Help support TMP


"Cultivated bacon could soon be a reality, as a company" Topic


17 Posts

All members in good standing are free to post here. Opinions expressed here are solely those of the posters, and have not been cleared with nor are they endorsed by The Miniatures Page.

For more information, see the TMP FAQ.


Back to the Utter Drivel Message Board


Areas of Interest

General

Featured Hobby News Article


Featured Workbench Article

Crayola Bases for Trees

A simple way to make scenic bases.


Featured Profile Article

Living in China in the Time of Pneumonia

How is a China-based wargaming company getting by in the time of coronavirus?


Featured Book Review


361 hits since 6 Aug 2020
©1994-2020 Bill Armintrout
Comments or corrections?

Tango01 Supporting Member of TMP06 Aug 2020 3:21 p.m. PST

… readies its first tasing

"The cultivated meat maker Mission Barns is now offering consumers a chance to try its brand-new bacon grown from real pork fat cells, produced without animal slaughter. A group between 50 and 100 individuals will be selected for a weeklong tasting in mid-August to be carried out in selected restaurants.

Proteins cultivated in this way aren't available on the market anywhere yet, so this is an opportunity to find what meat grown from just a few cells tastes like…"

picture


Main page
link

Amicalement
Armand

ZULUPAUL Supporting Member of TMP06 Aug 2020 4:04 p.m. PST

Cloned bacon??!! No thanks I'll get mine from pigs.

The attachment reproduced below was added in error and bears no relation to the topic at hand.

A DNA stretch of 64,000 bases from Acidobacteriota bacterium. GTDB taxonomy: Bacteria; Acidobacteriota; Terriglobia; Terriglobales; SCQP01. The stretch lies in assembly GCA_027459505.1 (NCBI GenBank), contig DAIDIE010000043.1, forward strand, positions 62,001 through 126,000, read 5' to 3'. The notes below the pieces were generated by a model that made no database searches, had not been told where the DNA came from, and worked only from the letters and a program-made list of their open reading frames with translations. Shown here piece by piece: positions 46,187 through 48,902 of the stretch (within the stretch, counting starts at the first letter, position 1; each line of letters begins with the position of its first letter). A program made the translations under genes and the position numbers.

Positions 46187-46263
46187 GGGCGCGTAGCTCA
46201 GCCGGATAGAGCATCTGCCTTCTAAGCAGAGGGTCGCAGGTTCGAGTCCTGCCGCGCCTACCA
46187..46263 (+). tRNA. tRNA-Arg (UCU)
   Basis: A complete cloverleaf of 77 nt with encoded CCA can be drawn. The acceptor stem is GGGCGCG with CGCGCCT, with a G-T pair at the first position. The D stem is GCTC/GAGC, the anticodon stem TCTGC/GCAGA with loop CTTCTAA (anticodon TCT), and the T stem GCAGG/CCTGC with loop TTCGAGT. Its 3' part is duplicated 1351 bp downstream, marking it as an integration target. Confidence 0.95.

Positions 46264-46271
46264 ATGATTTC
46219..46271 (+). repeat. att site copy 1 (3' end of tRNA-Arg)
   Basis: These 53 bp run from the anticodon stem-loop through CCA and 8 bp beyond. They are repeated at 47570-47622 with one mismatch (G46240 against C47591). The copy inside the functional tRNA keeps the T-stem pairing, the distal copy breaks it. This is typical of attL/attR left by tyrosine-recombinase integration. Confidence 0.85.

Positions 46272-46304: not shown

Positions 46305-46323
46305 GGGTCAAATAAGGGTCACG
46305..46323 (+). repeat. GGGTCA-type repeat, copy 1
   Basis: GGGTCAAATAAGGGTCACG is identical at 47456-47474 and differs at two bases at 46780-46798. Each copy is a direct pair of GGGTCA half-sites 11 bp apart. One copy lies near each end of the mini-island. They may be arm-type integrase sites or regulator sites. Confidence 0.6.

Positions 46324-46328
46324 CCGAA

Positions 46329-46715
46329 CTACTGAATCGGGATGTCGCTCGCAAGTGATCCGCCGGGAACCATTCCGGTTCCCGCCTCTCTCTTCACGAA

clibinarium06 Aug 2020 4:25 p.m. PST

I really hope they perfect this technology. Meat without suffering would be great (so long as it doesn't come with some other large downside, which it may well do).

Thresher01 Supporting Member of TMP06 Aug 2020 6:31 p.m. PST

I think I'll stick to the real stuff too, though this is perhaps a better option than a soy, or veggie substitute, assuming it tastes like real bacon, and has the consistency to real meat.

Palewarrior07 Aug 2020 2:13 a.m. PST

I believe scientists are concerned that consuming too much of this, will turn you into a pig-faced Orc.

Andrew Preziosi07 Aug 2020 7:50 a.m. PST

IF, I can do anything to eliminate the suffering or needless death of any animal I w/do so…Gladly!

Vegetarian with limited meat/fish intake for the last several years and I will continue to try and lower that amount as time passes and as plant (or cell) based foods come to meet the taste expectations of the consumer.

If I can wean myself after 65 years, I'm sure it will be easier for young(er) people who care.

Does anyone want to hear/read the environmental Horror Stories from NC and other states after a Hurricane when their massive pig farms are flooded, etc.?

Again though, the operative word is reduction and weaning. Even "I" have to have a DAMN GOOD Hamburger once a year (5 Guys or Grilled home-made), but by the same token I can live on Fresh Veggie Loaded Semi-Homemade Ramen soup five days a week and enjoy/savor it on the fifth day as much as I did on the first!

Legion 407 Aug 2020 9:30 a.m. PST

I believe scientists are concerned that consuming too much of this, will turn you into a pig-faced Orc.
From what I can see, it may be to late for some already ! 🐷

Frederick Supporting Member of TMP07 Aug 2020 11:47 a.m. PST

Interesting

In terms of food safety, despite what one might think, foods prepared in this manner are actually more likely to be contaminated with pathogenic bacteria than when they come from "on the hoof"